It’s official! Japanese consumers have finally had their fill of whale. Whale meat once met 50 percent of the protein needs in Japan, but due to “lack of recipe varieties,” consumers are just plain sick of eating “the usual.” An overwhelming demand for whale protein was at one time the driving motivation for large, costly whaling expeditions, subsidized by the Japanese government, but now that people just don’t seem to have a taste for whale anymore (perhaps sickened by the horrible reality of how the whale gets to their plates), could this mean that whaling has become obsolete?
Well, you would think so. Looking at the numbers, the demand for whale meat in Japan is at an all time low, yet expeditions into the Antarctic Ocean to hunt whales continues. Reportedly, over 2,300 (endangered!) minke whales worth of meat are stocked in freezers – untouched by consumers – but whalers still plan on catching another 1,300 whales worth of meat this year.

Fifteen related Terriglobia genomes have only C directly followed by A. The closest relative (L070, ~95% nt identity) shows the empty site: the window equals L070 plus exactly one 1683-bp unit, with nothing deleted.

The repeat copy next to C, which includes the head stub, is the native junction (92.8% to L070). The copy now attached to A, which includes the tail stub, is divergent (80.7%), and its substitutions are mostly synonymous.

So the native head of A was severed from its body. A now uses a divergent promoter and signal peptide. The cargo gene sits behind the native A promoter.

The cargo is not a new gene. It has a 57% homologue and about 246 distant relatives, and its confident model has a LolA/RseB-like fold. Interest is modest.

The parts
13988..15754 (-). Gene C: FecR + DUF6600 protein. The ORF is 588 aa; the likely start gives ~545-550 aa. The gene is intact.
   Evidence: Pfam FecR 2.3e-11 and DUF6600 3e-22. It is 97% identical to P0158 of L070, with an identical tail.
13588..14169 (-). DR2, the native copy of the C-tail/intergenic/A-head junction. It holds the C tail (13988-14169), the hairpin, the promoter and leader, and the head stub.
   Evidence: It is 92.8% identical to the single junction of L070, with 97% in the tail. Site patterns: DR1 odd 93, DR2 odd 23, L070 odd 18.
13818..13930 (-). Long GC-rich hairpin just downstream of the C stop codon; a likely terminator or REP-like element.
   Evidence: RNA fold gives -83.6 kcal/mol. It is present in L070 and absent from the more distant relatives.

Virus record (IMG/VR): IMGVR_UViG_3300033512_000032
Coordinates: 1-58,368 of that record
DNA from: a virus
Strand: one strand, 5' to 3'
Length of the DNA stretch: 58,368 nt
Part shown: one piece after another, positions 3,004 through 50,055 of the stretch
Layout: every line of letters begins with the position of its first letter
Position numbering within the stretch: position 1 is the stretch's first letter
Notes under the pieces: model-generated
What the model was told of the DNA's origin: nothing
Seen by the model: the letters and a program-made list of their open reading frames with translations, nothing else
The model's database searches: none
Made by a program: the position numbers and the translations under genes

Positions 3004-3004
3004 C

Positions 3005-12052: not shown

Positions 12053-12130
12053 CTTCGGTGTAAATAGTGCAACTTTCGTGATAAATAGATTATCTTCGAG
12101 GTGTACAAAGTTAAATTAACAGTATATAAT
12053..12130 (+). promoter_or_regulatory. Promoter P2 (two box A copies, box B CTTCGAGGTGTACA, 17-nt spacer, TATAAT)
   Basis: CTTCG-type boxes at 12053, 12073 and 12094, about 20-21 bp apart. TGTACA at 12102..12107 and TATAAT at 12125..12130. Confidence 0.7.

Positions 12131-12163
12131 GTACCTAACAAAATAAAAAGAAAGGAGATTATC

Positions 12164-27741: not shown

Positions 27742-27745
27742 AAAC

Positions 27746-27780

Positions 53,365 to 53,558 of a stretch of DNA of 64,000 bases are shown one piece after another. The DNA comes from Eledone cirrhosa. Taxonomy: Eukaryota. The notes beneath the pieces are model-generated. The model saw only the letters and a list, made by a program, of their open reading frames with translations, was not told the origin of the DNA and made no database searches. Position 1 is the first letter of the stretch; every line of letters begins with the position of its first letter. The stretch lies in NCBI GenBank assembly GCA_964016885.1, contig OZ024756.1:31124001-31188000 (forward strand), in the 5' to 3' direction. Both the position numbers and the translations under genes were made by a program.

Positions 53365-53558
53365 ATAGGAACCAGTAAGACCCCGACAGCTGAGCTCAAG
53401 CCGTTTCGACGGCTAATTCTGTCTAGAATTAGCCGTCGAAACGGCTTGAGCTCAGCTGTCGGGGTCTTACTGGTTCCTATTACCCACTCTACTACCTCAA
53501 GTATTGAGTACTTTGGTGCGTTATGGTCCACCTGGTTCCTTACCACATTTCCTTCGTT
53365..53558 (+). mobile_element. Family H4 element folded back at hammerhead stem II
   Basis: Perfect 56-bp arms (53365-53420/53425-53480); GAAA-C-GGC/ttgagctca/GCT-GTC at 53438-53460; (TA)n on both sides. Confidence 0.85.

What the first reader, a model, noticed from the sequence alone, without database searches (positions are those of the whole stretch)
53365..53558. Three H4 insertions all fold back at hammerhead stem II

Seem crazy? That’s because it is! Despite a clear lack of consumer interest in whale meat, the Japanese government put nearly 2.3 billion yen towards their whaling fund in 2011, a time when the country was already struggling to fund reconstruction after the devastating earthquake and tsunami. It has been openly established that whaling is not economically sustainable for Japan– and the rest of the world has banned whaling – however, whaling is allowed to continue “in the name of science.”
Yes, science. In a final grab to justify this inhumane, cruel practice, Japan fronted a whale research program (conveniently, one year after whaling was internationally banned) and all the meat that is not used for “research” is sold for food. According to Akyako Okubo, a marine researcher at Tokai Univeristy, “the goal [of continuing commercial whaling] has become a mere excuse to continue research hunts…The program is used for the vested interests.” Essentially, the alleged research is a bogus excuse to continue hunting and selling whale meat, that no one wants to buy in the first place…what logic.